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Alan Ralsky

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Alan Ralsky Index

Country: United States
State: Michigan
Convicted fraudster, spams using hijacked proxies & virus infected PCs and in the past by hijacking mail servers and mail accounts. One of the first people to host spam-websites in China to evade US law. Served years in prison due to stock-fraud spamming, but soon after being released, seemed to get right back into spamming.

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MEDIA: FBI puts stop to spam king

Sunday, October 16, 2005

Agents close up shop by seizing equipment from bulk e-mailer's W. Bloomfield home in recent raid.

By Joel Kurth and David Shepardson / The Detroit News

Michigan's unapologetic king of bulk e-mail is in trouble again. This time, an FBI raid has closed what some consider one of the world's largest houses of spam.

Warrants unsealed last week revealed that agents in September seized computers, laptops, financial records and disks from the 8,000-square-foot home of Alan M. Ralsky. The $750,000 West Bloomfield mini-mansion was built off profits from the 100 million electronic offers for everything from Botox to mortgages that Ralsky sends every day.

FBI agents even took a copy of a 2002 Detroit News story that called Ralsky the "poster boy for spam."

"We're out of business at this point in time," Ralsky said last week. "They didn't shut us down. They took all our equipment, which had the effect of shutting us down."

The raid is the latest episode in a cat-and-mouse game between anti-spammers and Ralsky, 60, a gregarious, heavy-smoking ex-convict considered Public Enemy No. 1 in some pockets of the Internet.

In 2002, Ralsky agreed to an undisclosed cash settlement to end a landmark lawsuit from Verizon Internet Services, which alleged he twice paralyzed its network in 2000 with his pitches for diet pills, vacations and such. The deal forbade Ralsky's companies from sending spam on its networks.

Last year, Michigan lawmakers passed legislation that allows parents to put their children's e-mail addresses on do-not-spam lists. Even though he insists he doesn't target kids, Ralsky was an inspiration for the bills.

"Michigan has been called a cesspool for Internet spam, and Ralsky is recognized as one of the worst," said the bills' sponsor, Sen. Mike Bishop, R-Rochester.

"I've been waiting for this moment. I knew it was a matter of time before the law caught up to him."

Terry Berg, the top deputy in the U.S. Attorney's Detroit office, declined to comment on the probe.

The home of Ralsky's son-in-law, Scott Bradley, also of West Bloomfield, was also raided in September.

The federal CAN-SPAM law that took effect last year tries to make spammers play fair.

It bans tricks, such as misleading subject lines or e-mails that appear to be from friends. Commercial e-mail must be clearly identified as such, and must label porn pitches as "sexually explicit."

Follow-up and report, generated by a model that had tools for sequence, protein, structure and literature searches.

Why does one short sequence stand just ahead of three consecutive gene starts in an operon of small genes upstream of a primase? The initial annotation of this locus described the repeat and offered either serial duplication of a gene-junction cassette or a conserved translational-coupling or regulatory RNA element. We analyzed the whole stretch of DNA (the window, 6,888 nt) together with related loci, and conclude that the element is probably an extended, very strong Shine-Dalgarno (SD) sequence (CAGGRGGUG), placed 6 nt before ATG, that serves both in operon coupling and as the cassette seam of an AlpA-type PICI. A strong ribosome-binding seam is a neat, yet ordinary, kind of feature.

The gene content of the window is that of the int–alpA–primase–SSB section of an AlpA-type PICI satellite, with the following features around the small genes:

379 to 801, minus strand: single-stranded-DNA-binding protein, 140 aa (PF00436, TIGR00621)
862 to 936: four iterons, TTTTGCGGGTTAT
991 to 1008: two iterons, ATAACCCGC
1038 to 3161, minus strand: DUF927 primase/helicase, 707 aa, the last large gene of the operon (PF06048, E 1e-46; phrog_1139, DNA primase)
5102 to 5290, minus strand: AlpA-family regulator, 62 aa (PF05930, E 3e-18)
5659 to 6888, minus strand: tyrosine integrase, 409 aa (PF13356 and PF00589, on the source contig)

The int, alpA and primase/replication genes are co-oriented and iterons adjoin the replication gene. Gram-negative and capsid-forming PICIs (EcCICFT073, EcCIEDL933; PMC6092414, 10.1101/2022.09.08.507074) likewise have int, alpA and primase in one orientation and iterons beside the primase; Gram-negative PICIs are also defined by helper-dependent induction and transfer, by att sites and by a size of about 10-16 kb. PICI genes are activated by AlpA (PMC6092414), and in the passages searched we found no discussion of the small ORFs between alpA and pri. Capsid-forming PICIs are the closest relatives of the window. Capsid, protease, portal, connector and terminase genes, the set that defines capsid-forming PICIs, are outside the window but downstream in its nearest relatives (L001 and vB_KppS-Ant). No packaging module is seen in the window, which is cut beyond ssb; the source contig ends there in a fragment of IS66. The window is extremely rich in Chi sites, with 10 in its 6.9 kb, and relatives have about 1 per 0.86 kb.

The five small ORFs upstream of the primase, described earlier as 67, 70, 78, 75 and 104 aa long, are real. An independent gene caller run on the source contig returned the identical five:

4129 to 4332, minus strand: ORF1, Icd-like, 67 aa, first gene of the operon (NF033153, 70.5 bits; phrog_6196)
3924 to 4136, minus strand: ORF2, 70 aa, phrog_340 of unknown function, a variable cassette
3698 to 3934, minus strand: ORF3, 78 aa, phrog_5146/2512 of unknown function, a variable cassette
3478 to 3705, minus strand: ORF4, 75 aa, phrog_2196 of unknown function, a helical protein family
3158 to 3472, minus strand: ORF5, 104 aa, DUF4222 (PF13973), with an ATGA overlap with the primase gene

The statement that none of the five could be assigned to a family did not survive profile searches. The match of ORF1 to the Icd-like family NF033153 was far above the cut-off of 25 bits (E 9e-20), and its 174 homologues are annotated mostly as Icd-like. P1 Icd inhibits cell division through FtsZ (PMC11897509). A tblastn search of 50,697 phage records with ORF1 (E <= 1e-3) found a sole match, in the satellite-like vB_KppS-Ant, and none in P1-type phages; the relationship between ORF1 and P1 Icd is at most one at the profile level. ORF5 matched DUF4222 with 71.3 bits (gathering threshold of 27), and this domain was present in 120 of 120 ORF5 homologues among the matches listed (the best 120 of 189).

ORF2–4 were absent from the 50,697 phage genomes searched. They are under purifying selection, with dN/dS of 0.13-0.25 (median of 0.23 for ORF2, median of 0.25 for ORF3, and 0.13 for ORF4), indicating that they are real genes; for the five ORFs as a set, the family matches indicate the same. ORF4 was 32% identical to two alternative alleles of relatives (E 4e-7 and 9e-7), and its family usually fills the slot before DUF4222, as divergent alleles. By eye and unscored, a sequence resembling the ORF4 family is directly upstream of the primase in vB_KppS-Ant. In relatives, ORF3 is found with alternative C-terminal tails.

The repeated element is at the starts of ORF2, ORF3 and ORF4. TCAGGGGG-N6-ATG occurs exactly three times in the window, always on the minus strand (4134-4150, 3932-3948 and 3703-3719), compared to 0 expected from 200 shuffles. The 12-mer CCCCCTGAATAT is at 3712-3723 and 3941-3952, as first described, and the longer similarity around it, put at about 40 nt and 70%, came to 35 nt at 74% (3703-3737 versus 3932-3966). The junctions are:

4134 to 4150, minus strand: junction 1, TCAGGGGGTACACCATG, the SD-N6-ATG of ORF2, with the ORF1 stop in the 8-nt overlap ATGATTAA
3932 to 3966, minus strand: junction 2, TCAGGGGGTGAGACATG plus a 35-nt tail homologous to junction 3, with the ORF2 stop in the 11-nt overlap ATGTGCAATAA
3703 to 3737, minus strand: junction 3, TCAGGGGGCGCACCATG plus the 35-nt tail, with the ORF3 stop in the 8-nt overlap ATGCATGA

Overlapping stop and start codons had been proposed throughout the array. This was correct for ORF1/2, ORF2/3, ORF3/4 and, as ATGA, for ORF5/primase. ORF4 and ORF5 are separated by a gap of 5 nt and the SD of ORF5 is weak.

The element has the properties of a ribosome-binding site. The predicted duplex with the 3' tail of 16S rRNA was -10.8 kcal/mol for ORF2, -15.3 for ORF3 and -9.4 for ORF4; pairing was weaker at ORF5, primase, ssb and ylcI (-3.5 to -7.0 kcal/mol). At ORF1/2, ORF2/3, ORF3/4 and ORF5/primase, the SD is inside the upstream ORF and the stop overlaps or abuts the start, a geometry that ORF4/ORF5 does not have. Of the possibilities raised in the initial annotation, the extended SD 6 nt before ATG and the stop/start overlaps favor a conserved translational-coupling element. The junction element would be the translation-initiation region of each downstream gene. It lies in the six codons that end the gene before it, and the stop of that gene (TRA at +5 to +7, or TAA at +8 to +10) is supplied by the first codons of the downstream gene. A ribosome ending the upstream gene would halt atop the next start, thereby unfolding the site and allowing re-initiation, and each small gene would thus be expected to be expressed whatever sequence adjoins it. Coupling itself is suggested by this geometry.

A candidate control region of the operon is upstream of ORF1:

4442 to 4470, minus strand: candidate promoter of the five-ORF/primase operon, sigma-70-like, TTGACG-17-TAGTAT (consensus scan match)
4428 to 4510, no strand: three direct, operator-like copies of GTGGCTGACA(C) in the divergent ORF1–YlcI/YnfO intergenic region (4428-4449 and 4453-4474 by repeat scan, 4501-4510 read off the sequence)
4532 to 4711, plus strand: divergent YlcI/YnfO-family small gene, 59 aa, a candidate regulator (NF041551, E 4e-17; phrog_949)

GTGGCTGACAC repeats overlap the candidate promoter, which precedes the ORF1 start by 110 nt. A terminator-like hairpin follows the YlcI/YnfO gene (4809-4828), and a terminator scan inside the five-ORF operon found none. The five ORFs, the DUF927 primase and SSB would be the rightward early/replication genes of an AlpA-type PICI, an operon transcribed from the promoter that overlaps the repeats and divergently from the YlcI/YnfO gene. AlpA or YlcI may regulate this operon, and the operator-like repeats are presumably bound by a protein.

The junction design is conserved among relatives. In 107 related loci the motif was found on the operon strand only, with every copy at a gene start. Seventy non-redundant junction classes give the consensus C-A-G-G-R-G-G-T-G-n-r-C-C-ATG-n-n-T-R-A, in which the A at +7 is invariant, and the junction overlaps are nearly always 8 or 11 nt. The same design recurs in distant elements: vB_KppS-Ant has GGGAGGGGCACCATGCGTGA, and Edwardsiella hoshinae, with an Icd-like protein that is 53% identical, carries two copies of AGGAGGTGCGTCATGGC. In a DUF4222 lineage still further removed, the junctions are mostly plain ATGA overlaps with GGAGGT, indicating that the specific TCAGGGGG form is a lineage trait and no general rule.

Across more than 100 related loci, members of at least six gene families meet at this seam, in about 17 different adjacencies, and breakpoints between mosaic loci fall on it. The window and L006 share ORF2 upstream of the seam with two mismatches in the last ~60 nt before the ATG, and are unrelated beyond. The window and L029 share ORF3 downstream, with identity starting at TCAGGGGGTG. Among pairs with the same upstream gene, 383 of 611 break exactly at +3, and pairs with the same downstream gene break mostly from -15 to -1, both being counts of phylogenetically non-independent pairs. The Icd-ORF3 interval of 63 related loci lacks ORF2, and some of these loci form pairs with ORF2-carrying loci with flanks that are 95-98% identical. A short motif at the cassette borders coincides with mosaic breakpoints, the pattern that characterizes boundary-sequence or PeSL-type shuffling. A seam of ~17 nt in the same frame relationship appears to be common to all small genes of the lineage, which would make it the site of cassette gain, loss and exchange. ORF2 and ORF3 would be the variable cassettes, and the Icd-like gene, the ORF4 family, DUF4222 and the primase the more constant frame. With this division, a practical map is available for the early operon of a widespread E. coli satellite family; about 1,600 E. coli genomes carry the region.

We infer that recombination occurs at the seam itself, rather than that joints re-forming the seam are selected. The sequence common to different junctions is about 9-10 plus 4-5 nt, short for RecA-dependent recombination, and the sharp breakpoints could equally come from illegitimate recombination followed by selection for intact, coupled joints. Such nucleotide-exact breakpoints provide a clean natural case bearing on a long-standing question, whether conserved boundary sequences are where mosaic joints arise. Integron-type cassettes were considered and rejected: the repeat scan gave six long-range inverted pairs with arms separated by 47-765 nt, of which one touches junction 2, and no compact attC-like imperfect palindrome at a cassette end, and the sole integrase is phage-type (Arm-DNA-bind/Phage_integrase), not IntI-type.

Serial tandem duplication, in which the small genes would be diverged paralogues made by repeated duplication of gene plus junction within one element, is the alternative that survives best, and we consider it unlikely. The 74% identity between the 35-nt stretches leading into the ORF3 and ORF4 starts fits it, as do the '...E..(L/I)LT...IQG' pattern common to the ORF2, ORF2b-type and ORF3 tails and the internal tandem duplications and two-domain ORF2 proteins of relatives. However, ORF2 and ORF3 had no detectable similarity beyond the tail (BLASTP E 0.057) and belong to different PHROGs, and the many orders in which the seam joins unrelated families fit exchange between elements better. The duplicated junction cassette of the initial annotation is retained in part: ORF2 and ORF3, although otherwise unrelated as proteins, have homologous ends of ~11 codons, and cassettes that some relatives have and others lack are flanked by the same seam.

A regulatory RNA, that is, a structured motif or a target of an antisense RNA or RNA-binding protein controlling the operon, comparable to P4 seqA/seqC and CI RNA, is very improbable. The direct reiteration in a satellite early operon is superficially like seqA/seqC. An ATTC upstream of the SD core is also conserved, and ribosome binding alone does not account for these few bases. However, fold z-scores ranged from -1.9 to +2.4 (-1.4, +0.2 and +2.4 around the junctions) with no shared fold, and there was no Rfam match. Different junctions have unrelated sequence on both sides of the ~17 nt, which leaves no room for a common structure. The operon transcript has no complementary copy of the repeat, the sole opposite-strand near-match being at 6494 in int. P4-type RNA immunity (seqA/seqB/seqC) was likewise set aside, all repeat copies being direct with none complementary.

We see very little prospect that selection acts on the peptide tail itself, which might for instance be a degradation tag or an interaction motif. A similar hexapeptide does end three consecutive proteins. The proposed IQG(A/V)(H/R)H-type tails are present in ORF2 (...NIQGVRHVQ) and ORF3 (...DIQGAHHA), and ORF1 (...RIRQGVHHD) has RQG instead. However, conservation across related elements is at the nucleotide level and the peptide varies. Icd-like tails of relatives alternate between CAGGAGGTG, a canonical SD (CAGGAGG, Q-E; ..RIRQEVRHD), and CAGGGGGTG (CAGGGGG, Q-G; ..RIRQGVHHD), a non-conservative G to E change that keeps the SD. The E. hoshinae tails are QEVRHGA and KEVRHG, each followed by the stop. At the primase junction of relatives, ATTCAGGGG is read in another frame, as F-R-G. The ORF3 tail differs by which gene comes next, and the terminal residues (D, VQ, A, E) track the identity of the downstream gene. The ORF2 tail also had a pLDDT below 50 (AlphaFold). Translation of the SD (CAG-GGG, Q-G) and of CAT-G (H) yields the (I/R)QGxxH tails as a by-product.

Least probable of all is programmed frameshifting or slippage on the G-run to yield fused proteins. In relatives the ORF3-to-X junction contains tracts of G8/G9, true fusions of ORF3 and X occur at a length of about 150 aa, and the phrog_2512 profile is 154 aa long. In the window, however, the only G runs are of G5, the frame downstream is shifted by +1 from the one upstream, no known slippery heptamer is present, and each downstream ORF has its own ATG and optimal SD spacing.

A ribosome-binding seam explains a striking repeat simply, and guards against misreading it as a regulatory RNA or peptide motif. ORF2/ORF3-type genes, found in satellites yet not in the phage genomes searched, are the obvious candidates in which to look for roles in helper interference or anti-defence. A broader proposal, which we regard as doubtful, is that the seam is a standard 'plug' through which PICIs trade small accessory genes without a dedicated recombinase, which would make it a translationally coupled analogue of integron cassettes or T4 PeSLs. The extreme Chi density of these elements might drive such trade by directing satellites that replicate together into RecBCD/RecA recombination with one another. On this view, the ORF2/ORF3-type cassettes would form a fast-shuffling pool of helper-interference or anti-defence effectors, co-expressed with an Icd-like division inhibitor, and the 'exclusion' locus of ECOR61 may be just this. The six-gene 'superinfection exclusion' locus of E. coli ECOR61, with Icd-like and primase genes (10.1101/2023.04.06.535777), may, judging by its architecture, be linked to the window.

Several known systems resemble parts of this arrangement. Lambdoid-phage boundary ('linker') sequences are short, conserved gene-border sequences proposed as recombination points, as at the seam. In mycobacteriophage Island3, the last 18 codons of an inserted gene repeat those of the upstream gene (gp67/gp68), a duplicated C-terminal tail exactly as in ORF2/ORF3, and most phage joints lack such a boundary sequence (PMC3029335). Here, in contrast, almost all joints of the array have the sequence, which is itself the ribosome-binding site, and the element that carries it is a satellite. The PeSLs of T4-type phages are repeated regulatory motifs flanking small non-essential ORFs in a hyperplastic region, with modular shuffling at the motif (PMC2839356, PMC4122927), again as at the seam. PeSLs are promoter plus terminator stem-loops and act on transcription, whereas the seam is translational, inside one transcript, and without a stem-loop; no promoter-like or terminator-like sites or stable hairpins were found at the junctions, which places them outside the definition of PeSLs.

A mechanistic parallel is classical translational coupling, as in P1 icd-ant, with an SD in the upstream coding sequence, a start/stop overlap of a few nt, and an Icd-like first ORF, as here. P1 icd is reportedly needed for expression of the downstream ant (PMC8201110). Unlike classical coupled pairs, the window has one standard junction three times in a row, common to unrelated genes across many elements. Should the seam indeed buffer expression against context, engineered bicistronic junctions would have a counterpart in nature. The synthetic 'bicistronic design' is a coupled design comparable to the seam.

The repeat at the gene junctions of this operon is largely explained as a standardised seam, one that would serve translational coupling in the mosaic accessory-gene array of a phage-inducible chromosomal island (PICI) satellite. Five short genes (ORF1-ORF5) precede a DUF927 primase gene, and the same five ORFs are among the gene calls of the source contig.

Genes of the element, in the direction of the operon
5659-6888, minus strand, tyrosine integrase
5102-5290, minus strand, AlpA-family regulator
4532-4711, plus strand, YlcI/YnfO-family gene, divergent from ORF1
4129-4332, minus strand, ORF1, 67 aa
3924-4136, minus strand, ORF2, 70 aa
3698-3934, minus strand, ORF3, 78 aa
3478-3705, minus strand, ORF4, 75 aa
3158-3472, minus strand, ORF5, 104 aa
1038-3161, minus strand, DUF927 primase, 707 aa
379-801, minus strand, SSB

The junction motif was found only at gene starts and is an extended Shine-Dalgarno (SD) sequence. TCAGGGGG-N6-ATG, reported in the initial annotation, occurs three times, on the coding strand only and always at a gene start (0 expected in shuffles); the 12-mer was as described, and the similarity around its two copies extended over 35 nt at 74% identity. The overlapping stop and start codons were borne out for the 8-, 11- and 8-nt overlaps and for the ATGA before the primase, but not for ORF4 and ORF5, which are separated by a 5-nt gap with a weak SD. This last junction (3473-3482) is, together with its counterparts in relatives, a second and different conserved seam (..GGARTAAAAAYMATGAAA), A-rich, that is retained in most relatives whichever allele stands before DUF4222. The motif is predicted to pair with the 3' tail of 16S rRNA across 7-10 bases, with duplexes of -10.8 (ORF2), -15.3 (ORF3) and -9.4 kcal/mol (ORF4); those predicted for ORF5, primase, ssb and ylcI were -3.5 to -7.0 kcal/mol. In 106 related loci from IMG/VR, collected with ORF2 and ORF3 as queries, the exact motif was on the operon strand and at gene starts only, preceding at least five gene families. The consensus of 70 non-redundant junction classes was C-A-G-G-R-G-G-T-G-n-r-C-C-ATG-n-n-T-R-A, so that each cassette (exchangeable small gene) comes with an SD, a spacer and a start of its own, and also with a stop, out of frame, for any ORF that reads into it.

The law also forbids spammers from using multiple e-mail addresses or domain names to camouflage their identities. Penalties include up to 20 years' imprisonment and an $11,000 fine per offense.

Warrants show FBI agents sought evidence Ralsky and Bradley sent commercial e-mail using at least 14 domain names.

"I'm not a spammer," Ralsky said. "I'm a commercial e-mailer."

Ralsky spent "tens of thousands of dollars" on software to comply with the law, said Philip Kushner, his Cleveland lawyer.

"Alan Ralsky believes he's complied with the laws," Kushner said. "These are new laws that, in some cases, have never been interpreted by any courts or used before."

During previous discussions with The News, Ralsky called bulk e-mail "the greatest business in the world." It's revived his life and won him many foes.

A former insurance agent who made $500,000 a year in the 1980s, Ralsky hit the skids in the 1990s. He lost his license in Illinois, declared bankruptcy and served three years' probation on a felony related to falsified bank records.

In the late 1990s, Ralsky sold his used car, bought two computers and reinvented himself on the Internet. He makes money sending bulk e-mail on behalf of clients selling products or services -- a gig he's said puts small merchants on equal footing with giant companies.

As he's become more outspoken, Ralsky claims he's received numerous death threats. A few years ago, Ralsky was deluged with hundreds of unwanted magazines at his house, after anti-spammers signed him up for subscriptions.

"Ralsky is quite public about his activities," said Lih-Tah Wong, president of Computer Mail Services, a Southfield company that sells anti-spam software to companies.

"For every one like Ralsky, there are thousands of others who are hiding in the shadows and scurrying away like cockroaches when the light is shone upon them."

A recent study by the research firm International Data Corp. predicted spam would increase to 7.6 trillion messages this year from 4.5 trillion in 2003.

The investigation by the FBI's cyber crimes unit is one of several ongoing in Michigan. None has come to trial.

John Mozena, a Grosse Pointe Woods anti-spam activist, said the weak law only allows authorities to crack down on the "most egregious" spammers. He said he helped FBI agents with technical expertise before the Ralsky raid.

Related URLs

Link to full story at The Detroit News
Expensive spam

Unwanted commercial e-mail isn't only annoying; it's become a drain on businesses, according to several studies. A February report by the University of Maryland claims it costs the national economy $22 billion a year in lost productivity. Earlier studies pegged it at $9 billion. Either way, about 40 percent of all e-mail is unwanted, according to Brightmail Inc., an anti-spam software maker.

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